Now don't take that the wrong way, I don't mean that we need to "prioritise" or anything of that sort, what I mean is that, and this may just be because I haven't actually done much thought about it, I can't realy think of much that female feminists can really add to any such struggle against the rape of men.

This comes on the heels of the fact that most feminists groups, activist or otherwise, are pretty thinly stretched trying to put a torneque on the wounds that Bush's America has give to all women, and there isn't much we can even add to discussion about the rape of men, we're not men, we don't come from a male social perspective (yes I object to the transphobia of MWMF, my views about "male" and "female" social perspectives are, suffice to say, a bit more complex than "if you once had a peepee get the hell out of our music fest, you, you, non-woman person!") so even those of us who have survived rape can only add general advice and help, help and advice which has pretty much already been given afaik.

And then there's the current tact of the "vanilla" anti-rape movements (i.e. those that focus almost exclusively on the rape of women by men), which is making the whole thing much more, ahem, "male dominated", in the sense that men are gradually being more routinely given the responsibility of controlling their behavior and are admirably beginning to take up the slack that has been given men by their society with regards to dealing with rape, so that even the "vanilla" anti-rape movement is putting the focus of dealing with rape on the backs of men.

Finally there's the biggest problem - which is that for all the MRA's constant talk about how feminists don't care about male rape survivors, fighting against rape and for the female victims of rape isn't exactly a gender specific task, any so-called-feminist who seriously put forth the arguement that any rape survivors, of either gender, some how deserved to get raped or is at all to blame for getting raped, would promptly be looking for their teeth in the gutter after an actual feminist punched them in the jaw for being an anti-feminist toolbag.

We're working against rape, and the cause of rape doesn't change and won't be dealt with in different ways with regards to gender - blaming the rapists, attacking heteronormitive and misogynistic social diseases like the myth of "fragile masculinity" that produces the rapists in the first place - and all of these things are being done by female feminists already.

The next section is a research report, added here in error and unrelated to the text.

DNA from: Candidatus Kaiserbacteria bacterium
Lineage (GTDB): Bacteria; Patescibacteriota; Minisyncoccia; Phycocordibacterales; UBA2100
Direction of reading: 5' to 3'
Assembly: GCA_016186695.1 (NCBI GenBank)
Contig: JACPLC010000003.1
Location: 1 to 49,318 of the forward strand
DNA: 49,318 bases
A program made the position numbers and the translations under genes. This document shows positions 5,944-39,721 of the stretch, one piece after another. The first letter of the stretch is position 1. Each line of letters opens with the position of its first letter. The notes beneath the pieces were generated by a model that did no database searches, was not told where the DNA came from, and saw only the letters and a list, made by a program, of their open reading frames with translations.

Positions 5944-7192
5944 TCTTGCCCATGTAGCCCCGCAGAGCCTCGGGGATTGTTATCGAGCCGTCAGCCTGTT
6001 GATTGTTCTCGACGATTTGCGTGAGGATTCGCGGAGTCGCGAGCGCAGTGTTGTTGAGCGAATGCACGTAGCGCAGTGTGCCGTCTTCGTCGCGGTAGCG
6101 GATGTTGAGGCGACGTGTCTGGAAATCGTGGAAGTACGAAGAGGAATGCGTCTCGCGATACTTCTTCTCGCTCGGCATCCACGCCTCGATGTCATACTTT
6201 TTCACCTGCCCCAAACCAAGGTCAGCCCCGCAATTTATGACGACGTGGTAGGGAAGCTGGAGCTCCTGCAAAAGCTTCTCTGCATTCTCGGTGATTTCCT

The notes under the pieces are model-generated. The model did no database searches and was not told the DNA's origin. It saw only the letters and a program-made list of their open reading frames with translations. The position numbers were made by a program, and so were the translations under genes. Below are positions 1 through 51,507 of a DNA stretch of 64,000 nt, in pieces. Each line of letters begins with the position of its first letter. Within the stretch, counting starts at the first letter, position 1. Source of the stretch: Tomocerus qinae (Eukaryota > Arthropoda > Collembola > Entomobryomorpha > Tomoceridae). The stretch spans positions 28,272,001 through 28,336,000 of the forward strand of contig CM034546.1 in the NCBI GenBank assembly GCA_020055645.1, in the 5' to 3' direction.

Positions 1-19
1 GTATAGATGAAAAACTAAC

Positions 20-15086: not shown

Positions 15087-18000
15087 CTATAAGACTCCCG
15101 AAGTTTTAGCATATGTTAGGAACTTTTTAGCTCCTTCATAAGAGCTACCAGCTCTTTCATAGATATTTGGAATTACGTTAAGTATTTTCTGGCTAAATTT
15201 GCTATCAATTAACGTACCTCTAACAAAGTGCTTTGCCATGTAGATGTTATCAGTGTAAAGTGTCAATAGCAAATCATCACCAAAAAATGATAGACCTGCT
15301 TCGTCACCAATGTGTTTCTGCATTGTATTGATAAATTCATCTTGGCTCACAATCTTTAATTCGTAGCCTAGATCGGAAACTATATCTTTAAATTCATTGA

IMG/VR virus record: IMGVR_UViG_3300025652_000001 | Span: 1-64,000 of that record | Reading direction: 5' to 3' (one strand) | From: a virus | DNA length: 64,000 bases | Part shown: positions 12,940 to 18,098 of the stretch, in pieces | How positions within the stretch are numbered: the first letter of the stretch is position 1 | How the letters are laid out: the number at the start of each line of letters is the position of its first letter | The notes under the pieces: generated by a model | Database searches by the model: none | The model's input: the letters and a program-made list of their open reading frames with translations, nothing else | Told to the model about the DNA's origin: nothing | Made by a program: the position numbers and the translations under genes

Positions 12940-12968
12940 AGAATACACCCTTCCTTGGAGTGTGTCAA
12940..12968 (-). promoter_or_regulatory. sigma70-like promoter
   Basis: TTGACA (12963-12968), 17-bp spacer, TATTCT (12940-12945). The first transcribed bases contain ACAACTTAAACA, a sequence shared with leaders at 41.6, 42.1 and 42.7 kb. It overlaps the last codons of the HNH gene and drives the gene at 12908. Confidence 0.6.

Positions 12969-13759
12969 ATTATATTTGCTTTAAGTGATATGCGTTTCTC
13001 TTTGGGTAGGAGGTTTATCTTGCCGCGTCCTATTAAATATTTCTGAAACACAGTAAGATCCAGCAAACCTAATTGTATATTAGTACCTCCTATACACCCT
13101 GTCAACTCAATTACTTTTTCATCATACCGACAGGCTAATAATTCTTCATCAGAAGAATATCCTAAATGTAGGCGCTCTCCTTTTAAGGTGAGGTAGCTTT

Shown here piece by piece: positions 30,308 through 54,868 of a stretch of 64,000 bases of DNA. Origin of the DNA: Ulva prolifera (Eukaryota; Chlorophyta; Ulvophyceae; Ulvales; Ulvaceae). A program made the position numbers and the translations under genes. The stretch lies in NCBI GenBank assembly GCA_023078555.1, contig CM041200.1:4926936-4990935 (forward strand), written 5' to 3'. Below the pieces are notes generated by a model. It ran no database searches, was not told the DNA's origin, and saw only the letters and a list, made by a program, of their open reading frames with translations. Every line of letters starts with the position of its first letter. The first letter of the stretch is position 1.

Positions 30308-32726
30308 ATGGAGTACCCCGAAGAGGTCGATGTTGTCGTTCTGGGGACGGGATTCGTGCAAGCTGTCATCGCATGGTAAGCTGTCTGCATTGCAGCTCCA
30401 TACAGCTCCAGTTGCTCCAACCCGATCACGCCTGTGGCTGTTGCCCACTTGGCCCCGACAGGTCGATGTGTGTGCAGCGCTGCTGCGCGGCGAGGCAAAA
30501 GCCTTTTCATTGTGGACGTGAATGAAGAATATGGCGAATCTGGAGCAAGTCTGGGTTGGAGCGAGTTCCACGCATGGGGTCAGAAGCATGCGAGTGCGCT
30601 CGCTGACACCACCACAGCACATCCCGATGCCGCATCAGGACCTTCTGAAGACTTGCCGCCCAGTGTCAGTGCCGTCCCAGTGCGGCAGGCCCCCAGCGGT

Now I'm not saying that women don't have any part in discussions or movements that focus on male rape, or that it isn't our concern what happens between men, but I personally (and as I say, this may be my own lack of imagination more than anything else) can't think of much that we can really add to such things.

Any thoughts?


Talking said...

Very nicely put, R. What I hear you saying is that you are worried most about women's victimization because most victims are women. I also hear you saying that efforts to mitigate assaults on the majority of victims can be expected to benefit all victims. Particularly if the strategy used successfully puts the responsibility on perpetrators. That all makes total sense.

Despite the solid validity of that position I'd like to advance a pair of strategic reasons for including male victims in the narrative: to knock men out of their complacent "not my problem" inability to identify with victims and, just as important, to knock them out of proprietary Galahadism.

Both of those positions are forms of denial that, if left unaddressed, make it much more difficult to deliver messages aimed at getting men to police themselves.

And also, I'm sorry to report from personal experience, the inattentive mind easily conflates the accurate "the majority of victims are women" with the inaccurate "only women are victims." Consequently it wasn't recognized in my neighborhood that the bully who forced boys and young men to put their mouths on his genitals was raping them instead of just bullying them in a particularly humiliating fashion. I say I'm sorry to report this because *I* didn't recognize it either until decades later.